How the Senior Medicare Patrol can help reduce fraud

Feb 7, 2014 | Healthcare Accounts Receivable

Across the United States, millions of people over 65 years old benefit from Medicare's services. The government-funded program allows older citizens to obtain the care and prescriptions they need. While this program is intended to be a valuable resource for senior citizens, about $68 billion from Medicare is lost within the health care system due to fraud, the Miami Herald reported. 

One way Medicare has tried to lessen the likelihood of fraud is through the use of the Senior Medicare Patrol (SMP), which consists of volunteers educating other senior citizens about the risk of defrauding Medicare.

"It's a responsibility we all have, not only to ourselves but also to others," retired pharmaceutical executive and volunteer Joe Schwartz told the source. "If funds are depleted, if they're spent on paying bogus claims, what's going to be left for our children and even our grandchildren?"

The challenge with Medicare fraud is that it may not be as simple for accounts receivable management to identify these problems. Because this specific patient population may rely on an array of prescriptions and preventative medicine services, challenging some of these requests may cause a problem for patients.

However, with the support of SMPs, these volunteers are doing their part to educate Medicare beneficiaries and finance departments, so everyone is more aware of the structure of these scams. With this knowledge, accounts receivable departments will be able to identify billing errors and fraudulent activity.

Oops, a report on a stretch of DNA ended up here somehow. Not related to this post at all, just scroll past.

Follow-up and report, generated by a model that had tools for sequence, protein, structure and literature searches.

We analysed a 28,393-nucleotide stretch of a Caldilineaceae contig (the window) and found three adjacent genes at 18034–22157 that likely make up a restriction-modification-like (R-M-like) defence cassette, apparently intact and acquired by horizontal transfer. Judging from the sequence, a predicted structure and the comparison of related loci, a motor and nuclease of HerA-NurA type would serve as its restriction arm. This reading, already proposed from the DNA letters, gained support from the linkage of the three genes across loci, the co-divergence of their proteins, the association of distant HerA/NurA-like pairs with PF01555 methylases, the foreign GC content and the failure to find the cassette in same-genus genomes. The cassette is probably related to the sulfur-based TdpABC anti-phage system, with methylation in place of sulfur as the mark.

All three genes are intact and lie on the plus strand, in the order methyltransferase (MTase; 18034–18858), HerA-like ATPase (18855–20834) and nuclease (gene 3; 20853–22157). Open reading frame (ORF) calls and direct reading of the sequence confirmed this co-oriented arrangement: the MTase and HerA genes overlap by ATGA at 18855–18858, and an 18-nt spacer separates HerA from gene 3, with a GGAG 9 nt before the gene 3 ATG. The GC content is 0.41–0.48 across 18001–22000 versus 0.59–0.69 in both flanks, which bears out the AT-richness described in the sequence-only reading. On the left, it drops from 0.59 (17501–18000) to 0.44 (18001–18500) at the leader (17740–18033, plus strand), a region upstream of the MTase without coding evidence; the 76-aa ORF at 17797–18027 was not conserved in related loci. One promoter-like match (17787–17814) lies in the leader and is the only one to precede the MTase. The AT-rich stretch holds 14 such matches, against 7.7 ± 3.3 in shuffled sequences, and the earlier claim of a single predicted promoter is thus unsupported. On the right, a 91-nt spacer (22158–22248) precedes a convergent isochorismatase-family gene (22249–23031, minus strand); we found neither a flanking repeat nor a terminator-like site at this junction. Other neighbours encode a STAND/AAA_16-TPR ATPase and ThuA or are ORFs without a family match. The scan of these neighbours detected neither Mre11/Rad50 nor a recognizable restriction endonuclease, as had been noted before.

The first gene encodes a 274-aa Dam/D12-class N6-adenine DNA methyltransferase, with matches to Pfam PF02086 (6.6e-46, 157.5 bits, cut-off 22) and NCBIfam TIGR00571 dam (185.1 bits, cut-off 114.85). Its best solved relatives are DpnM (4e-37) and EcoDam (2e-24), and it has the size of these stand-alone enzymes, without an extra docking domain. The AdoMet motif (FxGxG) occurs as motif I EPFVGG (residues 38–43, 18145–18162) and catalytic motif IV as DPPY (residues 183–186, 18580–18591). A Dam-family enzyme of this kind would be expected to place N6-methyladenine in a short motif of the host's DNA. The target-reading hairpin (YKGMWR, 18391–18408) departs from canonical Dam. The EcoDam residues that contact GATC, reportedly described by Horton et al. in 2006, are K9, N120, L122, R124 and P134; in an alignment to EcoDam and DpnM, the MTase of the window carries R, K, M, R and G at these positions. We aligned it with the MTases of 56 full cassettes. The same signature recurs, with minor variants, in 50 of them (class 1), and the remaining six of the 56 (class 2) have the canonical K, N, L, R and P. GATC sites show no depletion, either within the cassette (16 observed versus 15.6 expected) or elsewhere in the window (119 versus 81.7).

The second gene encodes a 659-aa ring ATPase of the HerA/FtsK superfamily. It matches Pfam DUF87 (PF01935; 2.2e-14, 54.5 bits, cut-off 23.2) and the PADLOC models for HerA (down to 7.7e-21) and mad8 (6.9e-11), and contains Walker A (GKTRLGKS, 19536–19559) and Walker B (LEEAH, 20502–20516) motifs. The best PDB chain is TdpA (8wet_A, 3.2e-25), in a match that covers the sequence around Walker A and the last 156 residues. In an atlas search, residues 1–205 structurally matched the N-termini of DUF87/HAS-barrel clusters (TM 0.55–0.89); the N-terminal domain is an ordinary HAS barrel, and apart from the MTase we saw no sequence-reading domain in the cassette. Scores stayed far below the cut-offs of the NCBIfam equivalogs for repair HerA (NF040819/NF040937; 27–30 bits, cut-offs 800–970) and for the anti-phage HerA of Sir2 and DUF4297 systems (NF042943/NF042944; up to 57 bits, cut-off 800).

In Florida alone, Medicare fraud is a $3 to $4 billion problem. Recently, the Department of Justice was able to restore over $28 million back into the system once it realized that a chain of rehabilitation clinics were created to take advantage of Medicare disbursements, according to the Herald-Tribune.

It is unclear if the discovery of perpetrator Luis Duluc's facilities were the result of the SMP program, but it explains one thing: auditors are becoming more aware of Medicare fraud. Duluc's illegal activity may cause him to face up to 15 years in prison.

Hospitals that have a collection of outstanding medical bills, but are unsure how to file these payments can benefit from medical claims management. These professionals can figure out how these bills will be processed, bringing back more revenue back into the practices.